Nazi satire 'Jojo Rabbit' bags TIFF's top prize

It is a black comedy set in the final years of Nazi rule in Germany


Thor: Ragnarok director Taika Waititi's anti-hate satire, Jojo Rabbit, which divided critics here, has won the sought-after People's Choice Award of the 44th Toronto International Film Festival (TIFF).

The festival's winners were announced on Sunday. The TIFF audience nod for Jojo Rabbit, a black comedy set in the final years of Nazi rule in Germany, is expected to be a huge shot in the arm for the Fox Searchlight film in its Oscar run.

Jojo Rabbit is the story of a 10-year-old boy who admires Adolf Hitler and is faced with a dilemma when he discovers that his mother has hidden a Jewish girl in their home. The film stars Scarlett Johansson, Sam Rockwell, Rebel Wilson and Waititi himself (as a clownish, fictive Hitler).

The TIFF audience has a history of picking films that go on to win big on Oscars night. Last year's TIFF People's Choice Award-winner Green Book bagged the Best Picture Oscar.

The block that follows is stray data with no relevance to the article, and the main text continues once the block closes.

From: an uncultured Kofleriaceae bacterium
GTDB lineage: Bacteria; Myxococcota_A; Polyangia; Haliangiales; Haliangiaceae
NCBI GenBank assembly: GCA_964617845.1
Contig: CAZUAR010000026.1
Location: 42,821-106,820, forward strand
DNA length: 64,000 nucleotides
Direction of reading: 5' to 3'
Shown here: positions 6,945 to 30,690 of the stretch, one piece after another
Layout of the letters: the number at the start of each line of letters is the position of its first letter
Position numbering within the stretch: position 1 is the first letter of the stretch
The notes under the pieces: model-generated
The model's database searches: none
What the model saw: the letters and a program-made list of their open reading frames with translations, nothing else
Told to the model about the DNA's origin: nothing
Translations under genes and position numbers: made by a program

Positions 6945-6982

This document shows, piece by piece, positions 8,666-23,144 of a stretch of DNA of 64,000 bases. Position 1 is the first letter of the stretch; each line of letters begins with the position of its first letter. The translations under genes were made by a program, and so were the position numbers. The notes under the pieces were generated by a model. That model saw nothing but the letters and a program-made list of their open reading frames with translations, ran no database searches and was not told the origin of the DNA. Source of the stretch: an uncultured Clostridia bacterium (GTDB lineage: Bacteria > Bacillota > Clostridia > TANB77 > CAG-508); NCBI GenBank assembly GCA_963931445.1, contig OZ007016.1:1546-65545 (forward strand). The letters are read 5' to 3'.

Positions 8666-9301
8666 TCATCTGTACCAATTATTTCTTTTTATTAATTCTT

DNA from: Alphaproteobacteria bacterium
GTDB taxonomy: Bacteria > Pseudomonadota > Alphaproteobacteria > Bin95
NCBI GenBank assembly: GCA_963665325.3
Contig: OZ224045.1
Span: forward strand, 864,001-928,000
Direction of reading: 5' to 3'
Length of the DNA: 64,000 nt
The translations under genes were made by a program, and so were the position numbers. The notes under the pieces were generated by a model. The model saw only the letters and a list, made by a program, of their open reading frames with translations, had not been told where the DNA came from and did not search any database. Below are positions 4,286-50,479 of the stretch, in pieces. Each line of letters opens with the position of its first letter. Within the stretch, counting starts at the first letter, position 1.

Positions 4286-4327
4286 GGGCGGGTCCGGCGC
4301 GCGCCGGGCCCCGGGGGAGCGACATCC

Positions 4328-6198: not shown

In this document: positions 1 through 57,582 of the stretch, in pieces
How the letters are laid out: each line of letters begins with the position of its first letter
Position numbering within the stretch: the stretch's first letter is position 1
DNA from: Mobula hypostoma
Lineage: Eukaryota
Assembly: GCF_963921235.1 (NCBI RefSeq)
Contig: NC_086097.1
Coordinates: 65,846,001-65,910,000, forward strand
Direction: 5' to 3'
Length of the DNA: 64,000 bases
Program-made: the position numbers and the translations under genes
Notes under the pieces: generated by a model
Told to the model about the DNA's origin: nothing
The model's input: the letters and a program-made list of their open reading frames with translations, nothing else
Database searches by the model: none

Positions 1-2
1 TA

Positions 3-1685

Slumdog Millionaire, 12 Years a Slave, Room and La La Land are among films that won the coveted People's Choice prize and continued their triumphal run all the way till the Academy Awards.

The first and second runners-up for the People's Choice Awards were more in line with the expectations of the critics: Noah Baumbach's Marriage Story, a deeply affecting drama about a relationship disintegrating over personal ambitions, and Bong Joon-ho's Cannes Palme d'Or winner Parasite, a sly, darkly comic look at the class divide in contemporary Seoul.

Interestingly, Jojo Rabbit and Marriage Story have one key cast member in common Scarlett Johansson. Marriage Story is her crowning glory.

She is a shoo-in for an Oscar nomination for the performance. For Jojo Rabbit, too, she is certain to be in the race for the best supporting actress statuette.

Johansson, whose current star status rests on action and superhero films, has never earned an Oscar nomination.